In the first 30 minutes of "Fahrenheit 9/11," Michael Moore blows his golden opportunity to make a real difference in America with his bombshell film exposing rampant Bush Administration corruption. He opens with a blitz of such cheeky sarcasm that he may well alienate and discredit himself with the very undecided and right-leaning voters he means to convert.
The theater curtain has barely opened before he's on a tear about the 2000 election being stolen -- a charge well documented elsewhere, but Moore offers only implication (Florida Secretary of State Katherine Harris, in charge of vote counting, was also Bush's campaign manager in the state) without substantiation. Where are the easily available numbers that so clearly support his claim? If he can't back up the first thing he says in the movie, many skeptics will wonder, why should we believe him about anything else?
The sad thing is, we should believe. The last hour of "Fahrenheit 9/11" is so powerful, so devastating, that anyone whose mind isn't closed by the first two reels of cheap shots at Bush's character will likely leave the theater shaking with anger at the duplicity exposed, the cover-ups unmasked, the wholesale manipulation (in back rooms) and fear-mongering (on the airwaves) in the build-up to the war in Iraq, and the lies, the lies, the lies. All of this Moore documents with the kind of veracity the film needed most in the early going to hook viewers not already on his side.
As with all Moore's proudly muckraking documentaries, the facts in "9/11" are often stage-managed. But that doesn't dilute the impact of such shocking sights as found footage of Bush practicing gestures and clowning for the camera only seconds before he goes on the air March 20, 2003, to solemnly announce the attack on Iraq is underway. And it cannot diminish such incredible revelations as what exactly was blacked out of Bush's National Guard service record.
Moore unveils an uncensored copy of that record which reveals that a buddy busted with him for bad attendance is the same man who went on to manage money interests in Texas for the family of Osama bin Laden -- including investments in several failed oil enterprises run by George W. Bush. Could that be why his name was blacked out when Bush finally released this document in 2004? Bush could have just been protecting a friend from the media storm (a possibility Moore doesn't acknowledge), but the places this paper trail leads are flabbergasting.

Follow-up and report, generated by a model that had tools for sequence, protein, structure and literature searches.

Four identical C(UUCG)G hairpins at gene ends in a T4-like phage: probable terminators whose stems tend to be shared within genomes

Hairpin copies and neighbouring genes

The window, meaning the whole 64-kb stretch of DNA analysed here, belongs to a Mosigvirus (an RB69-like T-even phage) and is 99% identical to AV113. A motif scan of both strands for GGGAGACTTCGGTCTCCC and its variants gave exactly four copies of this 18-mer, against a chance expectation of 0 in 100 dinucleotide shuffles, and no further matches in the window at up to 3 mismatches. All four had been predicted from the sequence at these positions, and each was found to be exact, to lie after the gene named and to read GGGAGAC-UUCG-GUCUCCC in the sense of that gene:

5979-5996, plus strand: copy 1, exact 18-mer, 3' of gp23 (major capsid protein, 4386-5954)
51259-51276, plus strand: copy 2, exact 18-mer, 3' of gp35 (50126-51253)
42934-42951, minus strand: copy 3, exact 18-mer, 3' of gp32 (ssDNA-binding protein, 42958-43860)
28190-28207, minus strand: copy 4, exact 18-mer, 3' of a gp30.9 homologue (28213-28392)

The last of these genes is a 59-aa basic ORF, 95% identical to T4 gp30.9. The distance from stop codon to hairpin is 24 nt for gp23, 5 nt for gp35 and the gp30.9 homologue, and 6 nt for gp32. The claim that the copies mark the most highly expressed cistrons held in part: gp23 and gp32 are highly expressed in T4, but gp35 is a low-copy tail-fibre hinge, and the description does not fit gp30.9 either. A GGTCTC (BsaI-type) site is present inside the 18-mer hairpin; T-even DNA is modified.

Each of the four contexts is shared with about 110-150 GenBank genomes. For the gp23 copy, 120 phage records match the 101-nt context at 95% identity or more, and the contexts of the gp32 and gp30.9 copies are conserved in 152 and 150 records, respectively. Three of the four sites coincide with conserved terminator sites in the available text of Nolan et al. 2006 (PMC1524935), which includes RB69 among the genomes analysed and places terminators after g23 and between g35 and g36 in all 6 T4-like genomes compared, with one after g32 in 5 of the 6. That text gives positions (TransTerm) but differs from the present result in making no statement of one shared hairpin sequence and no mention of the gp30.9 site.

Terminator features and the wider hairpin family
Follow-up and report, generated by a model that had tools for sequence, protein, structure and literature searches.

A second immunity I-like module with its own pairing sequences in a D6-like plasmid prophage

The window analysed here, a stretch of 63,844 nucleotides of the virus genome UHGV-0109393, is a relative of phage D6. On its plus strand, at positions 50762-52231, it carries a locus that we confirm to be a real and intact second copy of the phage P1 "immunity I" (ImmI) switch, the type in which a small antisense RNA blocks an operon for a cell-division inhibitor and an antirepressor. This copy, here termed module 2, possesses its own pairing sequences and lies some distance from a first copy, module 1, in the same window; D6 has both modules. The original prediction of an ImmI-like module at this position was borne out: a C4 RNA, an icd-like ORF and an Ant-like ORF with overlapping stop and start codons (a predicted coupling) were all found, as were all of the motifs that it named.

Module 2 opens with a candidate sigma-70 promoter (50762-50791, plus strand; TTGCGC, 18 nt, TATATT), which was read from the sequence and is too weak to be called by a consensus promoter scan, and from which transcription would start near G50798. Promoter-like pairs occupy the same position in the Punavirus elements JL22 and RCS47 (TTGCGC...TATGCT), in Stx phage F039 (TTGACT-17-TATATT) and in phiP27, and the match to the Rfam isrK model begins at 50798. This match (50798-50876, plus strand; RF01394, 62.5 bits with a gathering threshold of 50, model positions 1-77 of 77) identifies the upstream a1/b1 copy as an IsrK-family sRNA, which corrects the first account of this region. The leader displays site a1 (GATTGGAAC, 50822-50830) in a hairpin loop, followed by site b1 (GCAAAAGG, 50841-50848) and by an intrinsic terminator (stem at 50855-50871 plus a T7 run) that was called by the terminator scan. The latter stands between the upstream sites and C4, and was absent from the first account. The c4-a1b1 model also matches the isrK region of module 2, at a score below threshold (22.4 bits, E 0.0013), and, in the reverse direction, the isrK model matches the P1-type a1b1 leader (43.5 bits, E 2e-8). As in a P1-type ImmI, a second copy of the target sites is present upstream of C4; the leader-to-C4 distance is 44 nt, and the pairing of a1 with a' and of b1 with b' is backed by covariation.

There's so much important information here that has been grossly underreported in the American press that is makes one question the state of journalism (especially at Fox News, which often parrots White House press releases word for word and calls it reporting, and which gets a well-deserved lambasting here).
Moore details both the infamous August 6, 2001, security briefing, in which Bush was warned about al Qaeda hijacking plans, and the fact that the president arranged for dozens of bin Laden family members (and other Saudis) to be flown out of the country after Sept. 11 -- without being questioned by the FBI or any investigators -- while every other flight in America was grounded.
How would the public have reacted if the same kind of escape had been provided for Timothy McVeigh's family, the filmmaker rightly wonders.
"Fahrenheit 9/11" features footage of Taliban officials visiting the U.S. State Department in March of 2001 -- on the friendly invitation of the Bush government -- and footage from inside a defense industry convention at which speakers brag about all the money to be made from the Iraqi war.
The director juxtaposes the pay of a solider in Iraq ($2,000 to $3,000 a month) with the salary of a Halliburton bus driver in Iraq ($8,000 to $10,000 a month). Even more powerful, he has something we rarely see on our TVs: gut-twisting footage of U.S. soldiers killed and maimed in Iraq (and hating Bush for it). He couples this with something we never see -- gut-twisting footage of Iraqi civilians killed and maimed by U.S. soldiers (and cursing our nation for it).
But most damning is the footage in which Moore just gives Bush, his administration officials and other politicians the rope and watches them hang themselves with manipulative quotes that have since proven to be outright falsehoods.
This review barely scratches the surface of the volumes of information uncovered in "Fahrenheit 9/11," shrewdly packaged for maximum effect, and sometimes tinged with sardonic touches of Michael Moore's wicked wit. It's just a shame he felt the need to come out of the gate riding on the back of snide schoolyard taunts.
The beginning of this film is as ignoble as Moore's false-pretenses sneak-attack on doddering NRA president Charlton Heston in 2002's otherwise important and spot-on "Bowling for Columbine." If enough people can get past that fact, the balance might just help change the world.